Under serious outbreak conditions in which respirator supplies are severely limited, however, you may not have the opportunity to be fit tested on a respirator before you need to use it. While this is not ideal, in this scenario, you should work with your employer to choose the respirator that fits you best, as, even without fit testing, a respirator will provide better protection than a facemask or using no respirator at all. If possible, start with the size you have been fit tested for previously, but as size can vary by manufacturer and model, you may need to wear a different size to achieve a good fit. (If you have never been fit tested before, the following recommendations are still useful.) The respirator should fit over your nose and under your chin. If you cannot get a good face seal, try a different model or size. If you receive respirators, and you need to use them right away without fit testing, ask your employer for additional (you should have already received training on proper respirator use and user seal checks) product training videos and literature on proper donning and doffing, which should be available from the manufacturer. Practice putting on the respirator and doing a user seal check at least several times. Check the fit in a mirror or ask a colleague to look to be sure the respirator is touching your face and appears to be on properly. While fit testing is ideal to confirm if a respirator does or does not fit, healthcare professionals should be able to obtain a good fit if they have had training and they perform a user seal check prior to each use of the respirator.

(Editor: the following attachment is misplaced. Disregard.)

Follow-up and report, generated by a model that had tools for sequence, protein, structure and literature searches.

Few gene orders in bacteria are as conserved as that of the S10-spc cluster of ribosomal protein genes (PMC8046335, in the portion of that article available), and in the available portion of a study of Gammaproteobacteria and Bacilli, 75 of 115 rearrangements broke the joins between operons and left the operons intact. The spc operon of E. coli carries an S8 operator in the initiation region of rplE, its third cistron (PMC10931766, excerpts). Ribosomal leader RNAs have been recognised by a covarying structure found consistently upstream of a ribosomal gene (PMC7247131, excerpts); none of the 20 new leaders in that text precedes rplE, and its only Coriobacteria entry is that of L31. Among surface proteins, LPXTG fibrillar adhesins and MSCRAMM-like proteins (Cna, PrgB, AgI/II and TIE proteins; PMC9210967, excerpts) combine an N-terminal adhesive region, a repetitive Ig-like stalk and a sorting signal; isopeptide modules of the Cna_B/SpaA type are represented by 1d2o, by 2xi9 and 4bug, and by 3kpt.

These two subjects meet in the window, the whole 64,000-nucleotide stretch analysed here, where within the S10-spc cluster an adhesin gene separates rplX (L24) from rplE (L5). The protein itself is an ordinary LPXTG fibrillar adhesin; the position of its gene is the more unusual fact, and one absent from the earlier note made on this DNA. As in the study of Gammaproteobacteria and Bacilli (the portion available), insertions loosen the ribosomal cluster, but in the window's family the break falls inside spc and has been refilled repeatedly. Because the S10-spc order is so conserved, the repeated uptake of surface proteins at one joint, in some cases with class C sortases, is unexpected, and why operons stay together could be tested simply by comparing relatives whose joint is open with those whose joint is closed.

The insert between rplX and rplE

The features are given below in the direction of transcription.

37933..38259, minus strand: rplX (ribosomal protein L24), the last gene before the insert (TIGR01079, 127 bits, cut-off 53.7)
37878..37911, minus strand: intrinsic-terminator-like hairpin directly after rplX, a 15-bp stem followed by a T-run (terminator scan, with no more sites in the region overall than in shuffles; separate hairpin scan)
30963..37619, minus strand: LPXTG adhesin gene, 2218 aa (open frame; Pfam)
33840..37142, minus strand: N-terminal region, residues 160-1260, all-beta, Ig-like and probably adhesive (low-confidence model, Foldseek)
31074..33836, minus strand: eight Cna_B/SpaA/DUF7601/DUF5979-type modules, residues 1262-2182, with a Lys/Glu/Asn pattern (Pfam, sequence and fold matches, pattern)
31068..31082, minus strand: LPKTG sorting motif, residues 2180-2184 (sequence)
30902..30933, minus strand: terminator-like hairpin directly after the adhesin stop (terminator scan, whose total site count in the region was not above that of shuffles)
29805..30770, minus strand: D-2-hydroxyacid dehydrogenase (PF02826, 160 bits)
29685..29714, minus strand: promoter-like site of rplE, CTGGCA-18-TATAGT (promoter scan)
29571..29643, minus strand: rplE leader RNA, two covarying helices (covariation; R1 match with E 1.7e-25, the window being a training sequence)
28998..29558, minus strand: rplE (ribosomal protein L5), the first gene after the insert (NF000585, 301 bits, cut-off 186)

Even if workers begin using respirators without proper fit testing, employers should make every effort to perform fit testing as respirator supplies allow. Employers should always perform fit testing for workers who cannot successfully seal check their own respirators.
In addition to a user seal check, properly donning the respirator in the first place will help to achieve a good fit. Here are some additional considerations when donning your respirator: